Between the effects of the Covid-19 pandemic and the effects of the energy crisis, it is difficult to calculate the direct impact of Brexit on the UK economy since January 2021. To the point that it sparked several debates among economists. But if the numbers are debated, there is nevertheless a consensus: leaving the EU has significantly worsened the UK’s economic performance.
In an article published on 21 December, the Center for European Reform (CER) estimated that UK GDP in the second quarter of 2022 was 5.5% lower than it would have been had the country remained in the EU. According to the Financial Times, such a trend would represent an annual loss of more than 100 billion pounds sterling to the British public finances.
The depreciation of the pound
In addition, a direct economic consequence of Brexit crystallizes in particular the attention and creates consensus: the depreciation of the British pound by more than 10% after 2016, which continues until today. This fall significantly increased the price of imports, costs for businesses and inflation, but failed to boost wages or the competitiveness of the UK economy. As a result, real wages fell by 2.9%, generating a loss of £870 a year on average for UK households, fueling strong discontent.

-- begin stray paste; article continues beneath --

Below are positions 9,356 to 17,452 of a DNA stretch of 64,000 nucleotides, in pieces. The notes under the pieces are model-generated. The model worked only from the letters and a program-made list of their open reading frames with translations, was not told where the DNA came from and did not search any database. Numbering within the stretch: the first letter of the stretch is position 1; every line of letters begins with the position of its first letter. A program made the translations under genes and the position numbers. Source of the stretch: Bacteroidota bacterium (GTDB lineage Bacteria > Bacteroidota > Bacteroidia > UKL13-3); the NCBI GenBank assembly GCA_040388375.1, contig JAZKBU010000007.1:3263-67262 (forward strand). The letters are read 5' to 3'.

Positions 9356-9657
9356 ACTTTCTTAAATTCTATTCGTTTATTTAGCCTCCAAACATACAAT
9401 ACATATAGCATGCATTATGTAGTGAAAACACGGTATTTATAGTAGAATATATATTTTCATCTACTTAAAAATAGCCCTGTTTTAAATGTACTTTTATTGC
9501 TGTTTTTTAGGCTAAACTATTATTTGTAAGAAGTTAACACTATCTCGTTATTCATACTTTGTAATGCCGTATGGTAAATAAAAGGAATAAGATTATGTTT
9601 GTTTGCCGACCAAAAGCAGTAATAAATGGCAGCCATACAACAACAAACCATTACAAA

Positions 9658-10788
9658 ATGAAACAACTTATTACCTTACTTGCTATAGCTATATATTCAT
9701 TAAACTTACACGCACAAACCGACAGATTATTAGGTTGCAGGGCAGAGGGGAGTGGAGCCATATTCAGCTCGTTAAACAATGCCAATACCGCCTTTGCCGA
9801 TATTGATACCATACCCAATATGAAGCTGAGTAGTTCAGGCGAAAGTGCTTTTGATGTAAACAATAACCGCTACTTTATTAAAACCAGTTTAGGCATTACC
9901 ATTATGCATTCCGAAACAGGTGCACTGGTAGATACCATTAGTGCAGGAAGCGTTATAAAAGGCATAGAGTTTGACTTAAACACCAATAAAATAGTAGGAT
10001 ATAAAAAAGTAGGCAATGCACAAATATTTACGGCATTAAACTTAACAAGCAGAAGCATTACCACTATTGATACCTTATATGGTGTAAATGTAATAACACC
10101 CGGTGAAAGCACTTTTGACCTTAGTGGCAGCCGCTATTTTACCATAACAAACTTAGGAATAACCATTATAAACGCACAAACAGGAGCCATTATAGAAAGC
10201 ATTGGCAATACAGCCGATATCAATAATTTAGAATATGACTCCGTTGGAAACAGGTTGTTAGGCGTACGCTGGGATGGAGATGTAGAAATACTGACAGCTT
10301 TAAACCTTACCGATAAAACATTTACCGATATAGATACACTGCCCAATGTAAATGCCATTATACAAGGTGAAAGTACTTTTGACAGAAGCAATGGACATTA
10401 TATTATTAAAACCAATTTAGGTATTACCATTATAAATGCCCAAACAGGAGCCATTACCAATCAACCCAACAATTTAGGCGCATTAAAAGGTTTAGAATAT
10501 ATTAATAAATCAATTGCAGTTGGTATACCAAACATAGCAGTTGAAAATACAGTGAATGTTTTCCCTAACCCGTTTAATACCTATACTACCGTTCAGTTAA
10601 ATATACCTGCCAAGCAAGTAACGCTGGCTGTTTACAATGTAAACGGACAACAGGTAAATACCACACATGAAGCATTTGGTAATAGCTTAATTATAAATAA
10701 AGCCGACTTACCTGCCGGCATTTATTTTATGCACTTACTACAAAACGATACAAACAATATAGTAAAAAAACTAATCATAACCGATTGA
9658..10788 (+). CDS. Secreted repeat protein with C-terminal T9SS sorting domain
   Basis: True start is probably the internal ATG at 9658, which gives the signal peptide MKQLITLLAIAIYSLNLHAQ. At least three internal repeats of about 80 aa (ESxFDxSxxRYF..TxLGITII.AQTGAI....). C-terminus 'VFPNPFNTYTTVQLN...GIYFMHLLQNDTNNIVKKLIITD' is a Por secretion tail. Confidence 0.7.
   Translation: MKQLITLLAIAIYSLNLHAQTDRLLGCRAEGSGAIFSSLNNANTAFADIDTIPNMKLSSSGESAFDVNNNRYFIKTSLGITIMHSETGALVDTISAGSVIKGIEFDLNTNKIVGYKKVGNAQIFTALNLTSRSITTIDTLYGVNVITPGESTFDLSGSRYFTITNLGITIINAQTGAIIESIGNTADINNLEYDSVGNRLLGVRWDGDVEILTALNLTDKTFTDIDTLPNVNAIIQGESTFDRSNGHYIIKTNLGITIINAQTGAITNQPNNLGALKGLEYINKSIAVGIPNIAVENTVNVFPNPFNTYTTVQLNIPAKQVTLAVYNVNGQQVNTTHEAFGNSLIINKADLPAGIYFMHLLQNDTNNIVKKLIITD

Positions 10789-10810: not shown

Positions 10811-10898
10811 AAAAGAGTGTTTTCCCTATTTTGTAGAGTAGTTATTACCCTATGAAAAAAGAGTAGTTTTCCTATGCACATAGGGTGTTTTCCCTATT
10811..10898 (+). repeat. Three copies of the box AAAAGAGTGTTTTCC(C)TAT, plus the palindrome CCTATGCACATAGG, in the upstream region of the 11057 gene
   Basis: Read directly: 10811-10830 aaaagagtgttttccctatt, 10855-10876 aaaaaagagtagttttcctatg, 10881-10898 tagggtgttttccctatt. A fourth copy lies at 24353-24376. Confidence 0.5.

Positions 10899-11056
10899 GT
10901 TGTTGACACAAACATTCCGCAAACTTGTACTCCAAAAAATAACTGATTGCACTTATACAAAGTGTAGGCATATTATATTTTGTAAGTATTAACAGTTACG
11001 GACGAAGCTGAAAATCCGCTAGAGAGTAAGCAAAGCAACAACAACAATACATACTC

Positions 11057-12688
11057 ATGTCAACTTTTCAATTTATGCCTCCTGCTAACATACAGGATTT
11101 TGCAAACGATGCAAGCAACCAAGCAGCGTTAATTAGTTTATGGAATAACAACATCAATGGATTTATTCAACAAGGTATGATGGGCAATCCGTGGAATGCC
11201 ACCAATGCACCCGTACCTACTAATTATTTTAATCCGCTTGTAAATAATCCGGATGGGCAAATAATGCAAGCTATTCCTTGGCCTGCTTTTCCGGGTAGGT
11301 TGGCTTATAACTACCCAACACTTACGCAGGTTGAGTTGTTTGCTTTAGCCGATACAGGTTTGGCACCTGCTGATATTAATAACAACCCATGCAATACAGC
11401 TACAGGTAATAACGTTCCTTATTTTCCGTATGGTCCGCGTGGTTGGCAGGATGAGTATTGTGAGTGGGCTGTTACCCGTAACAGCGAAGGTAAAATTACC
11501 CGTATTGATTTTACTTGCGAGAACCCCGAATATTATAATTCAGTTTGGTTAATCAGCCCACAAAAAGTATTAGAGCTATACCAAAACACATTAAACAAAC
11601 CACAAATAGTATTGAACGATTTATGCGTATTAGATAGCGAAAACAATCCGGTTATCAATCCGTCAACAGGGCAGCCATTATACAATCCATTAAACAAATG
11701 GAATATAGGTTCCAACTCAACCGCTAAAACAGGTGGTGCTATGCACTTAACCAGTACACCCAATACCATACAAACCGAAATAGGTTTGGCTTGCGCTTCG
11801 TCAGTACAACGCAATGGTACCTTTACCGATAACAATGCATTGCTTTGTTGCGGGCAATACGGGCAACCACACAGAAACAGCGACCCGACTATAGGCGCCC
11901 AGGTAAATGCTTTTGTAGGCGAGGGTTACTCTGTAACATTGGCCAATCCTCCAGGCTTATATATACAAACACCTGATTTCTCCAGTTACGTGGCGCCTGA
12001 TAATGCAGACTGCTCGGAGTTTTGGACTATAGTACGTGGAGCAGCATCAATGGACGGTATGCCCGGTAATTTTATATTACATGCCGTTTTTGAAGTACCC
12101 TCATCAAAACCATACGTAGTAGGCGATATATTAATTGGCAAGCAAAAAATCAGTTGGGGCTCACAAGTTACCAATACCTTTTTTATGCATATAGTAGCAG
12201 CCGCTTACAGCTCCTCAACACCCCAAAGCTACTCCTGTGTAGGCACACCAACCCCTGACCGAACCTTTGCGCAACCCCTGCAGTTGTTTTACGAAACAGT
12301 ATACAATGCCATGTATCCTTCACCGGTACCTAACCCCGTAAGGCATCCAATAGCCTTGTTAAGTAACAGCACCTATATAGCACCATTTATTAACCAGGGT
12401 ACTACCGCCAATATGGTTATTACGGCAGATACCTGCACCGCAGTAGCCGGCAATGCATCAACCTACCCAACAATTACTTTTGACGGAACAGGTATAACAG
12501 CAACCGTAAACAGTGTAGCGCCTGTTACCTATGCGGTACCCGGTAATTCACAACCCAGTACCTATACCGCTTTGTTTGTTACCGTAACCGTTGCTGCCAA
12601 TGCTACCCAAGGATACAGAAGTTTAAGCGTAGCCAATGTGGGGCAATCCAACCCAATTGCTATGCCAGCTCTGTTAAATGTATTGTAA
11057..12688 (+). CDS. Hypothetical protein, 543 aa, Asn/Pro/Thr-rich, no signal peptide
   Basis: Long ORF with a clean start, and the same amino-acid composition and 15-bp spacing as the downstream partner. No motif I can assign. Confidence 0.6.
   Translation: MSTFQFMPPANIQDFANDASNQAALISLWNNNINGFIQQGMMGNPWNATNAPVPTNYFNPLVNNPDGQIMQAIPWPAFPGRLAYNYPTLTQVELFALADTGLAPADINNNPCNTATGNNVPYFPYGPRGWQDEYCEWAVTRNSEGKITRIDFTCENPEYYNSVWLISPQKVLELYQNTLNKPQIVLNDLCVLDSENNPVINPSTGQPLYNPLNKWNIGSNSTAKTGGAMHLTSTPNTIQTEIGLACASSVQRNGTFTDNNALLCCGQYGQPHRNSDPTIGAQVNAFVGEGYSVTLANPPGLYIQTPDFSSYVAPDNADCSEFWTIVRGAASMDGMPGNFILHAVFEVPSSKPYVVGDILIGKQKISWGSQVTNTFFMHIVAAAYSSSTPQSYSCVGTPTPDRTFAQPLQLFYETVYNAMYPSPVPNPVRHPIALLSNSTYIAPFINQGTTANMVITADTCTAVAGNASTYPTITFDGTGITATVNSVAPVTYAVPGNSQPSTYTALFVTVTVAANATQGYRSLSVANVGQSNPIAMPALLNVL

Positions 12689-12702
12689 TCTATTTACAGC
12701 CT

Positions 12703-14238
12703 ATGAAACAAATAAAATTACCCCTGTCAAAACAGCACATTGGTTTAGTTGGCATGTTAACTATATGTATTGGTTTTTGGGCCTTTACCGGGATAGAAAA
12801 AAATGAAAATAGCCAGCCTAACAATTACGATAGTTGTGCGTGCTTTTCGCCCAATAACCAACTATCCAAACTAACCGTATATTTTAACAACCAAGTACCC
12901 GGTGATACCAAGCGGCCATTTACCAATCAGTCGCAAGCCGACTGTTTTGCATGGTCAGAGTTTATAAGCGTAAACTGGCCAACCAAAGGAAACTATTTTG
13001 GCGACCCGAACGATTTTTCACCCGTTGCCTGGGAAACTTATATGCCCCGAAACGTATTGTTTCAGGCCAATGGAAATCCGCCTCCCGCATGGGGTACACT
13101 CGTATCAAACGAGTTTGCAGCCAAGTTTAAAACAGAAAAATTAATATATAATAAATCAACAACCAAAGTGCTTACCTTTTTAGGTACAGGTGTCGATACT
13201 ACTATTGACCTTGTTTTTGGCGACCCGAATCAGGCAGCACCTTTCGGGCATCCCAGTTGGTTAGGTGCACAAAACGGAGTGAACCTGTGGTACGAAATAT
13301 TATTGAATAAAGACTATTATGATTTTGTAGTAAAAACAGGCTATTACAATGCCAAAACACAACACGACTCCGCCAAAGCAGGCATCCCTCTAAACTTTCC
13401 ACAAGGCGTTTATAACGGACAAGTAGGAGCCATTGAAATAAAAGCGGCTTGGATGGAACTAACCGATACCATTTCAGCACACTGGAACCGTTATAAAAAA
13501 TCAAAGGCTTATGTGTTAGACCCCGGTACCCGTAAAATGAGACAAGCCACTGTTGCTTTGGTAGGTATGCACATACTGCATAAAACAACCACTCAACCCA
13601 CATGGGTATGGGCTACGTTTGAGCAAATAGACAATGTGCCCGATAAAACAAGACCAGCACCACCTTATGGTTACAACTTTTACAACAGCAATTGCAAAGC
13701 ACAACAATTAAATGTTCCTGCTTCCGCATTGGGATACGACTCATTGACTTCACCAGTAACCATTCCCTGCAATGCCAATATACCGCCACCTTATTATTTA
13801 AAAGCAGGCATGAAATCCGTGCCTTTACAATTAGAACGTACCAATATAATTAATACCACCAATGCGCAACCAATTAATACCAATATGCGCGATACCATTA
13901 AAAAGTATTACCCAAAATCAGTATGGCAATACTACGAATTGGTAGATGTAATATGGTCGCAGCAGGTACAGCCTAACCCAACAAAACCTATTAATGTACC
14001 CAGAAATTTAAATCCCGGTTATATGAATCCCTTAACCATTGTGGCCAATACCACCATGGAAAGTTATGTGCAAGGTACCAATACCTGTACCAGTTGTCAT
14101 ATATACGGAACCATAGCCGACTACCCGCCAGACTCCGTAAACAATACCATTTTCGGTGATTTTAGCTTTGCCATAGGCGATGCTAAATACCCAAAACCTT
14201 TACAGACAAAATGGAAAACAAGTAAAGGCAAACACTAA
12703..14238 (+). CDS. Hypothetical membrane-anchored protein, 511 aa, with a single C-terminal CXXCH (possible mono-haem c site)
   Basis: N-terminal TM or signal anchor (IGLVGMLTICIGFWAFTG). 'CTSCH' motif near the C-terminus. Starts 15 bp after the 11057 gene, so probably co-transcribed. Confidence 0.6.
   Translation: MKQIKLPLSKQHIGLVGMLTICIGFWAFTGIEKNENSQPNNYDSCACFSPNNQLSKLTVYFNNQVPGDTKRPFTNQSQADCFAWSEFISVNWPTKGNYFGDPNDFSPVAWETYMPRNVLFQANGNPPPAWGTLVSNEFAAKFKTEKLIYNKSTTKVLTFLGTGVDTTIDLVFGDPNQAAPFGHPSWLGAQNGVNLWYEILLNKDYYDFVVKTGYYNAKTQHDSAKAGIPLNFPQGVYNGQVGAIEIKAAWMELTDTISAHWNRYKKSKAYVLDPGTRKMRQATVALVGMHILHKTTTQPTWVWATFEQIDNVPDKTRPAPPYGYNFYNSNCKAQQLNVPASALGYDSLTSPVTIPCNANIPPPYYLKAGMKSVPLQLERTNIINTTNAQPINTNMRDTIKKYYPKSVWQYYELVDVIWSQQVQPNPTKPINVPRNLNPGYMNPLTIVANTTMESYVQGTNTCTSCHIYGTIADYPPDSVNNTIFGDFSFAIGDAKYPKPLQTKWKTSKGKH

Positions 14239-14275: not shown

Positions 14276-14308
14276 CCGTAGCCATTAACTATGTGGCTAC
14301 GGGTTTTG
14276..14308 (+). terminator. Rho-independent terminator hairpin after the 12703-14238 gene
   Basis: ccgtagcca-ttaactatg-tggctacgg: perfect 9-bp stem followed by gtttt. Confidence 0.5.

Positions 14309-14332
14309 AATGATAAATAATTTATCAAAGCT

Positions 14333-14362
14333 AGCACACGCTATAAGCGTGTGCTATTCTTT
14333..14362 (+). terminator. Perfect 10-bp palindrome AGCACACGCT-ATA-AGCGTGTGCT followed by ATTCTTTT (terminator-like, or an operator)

Finally, the departure from the EU has compromised certain structures of the British economy. Heavily dependent on its natural gas imports, Britain no longer benefits from the EU’s collective bargaining power and is preparing to suffer an even bigger gas price rise than its European neighbours.
It has also been weakened in terms of international trade by leaving the trade deals the EU is engaged in. In return, the free trade deal signed with Australia in December 2021 should only increase UK output by 0.08%.
Renegotiate with the EU? “None! “
From there to questioning Brexit? Prime Minister Rishi Sunak, an early supporter of “Leave”, signaled the end of the game. “Let me be clear about this. Under my leadership, Britain will not seek any relationship with Europe based on alignment with EU law,” he said on November 25.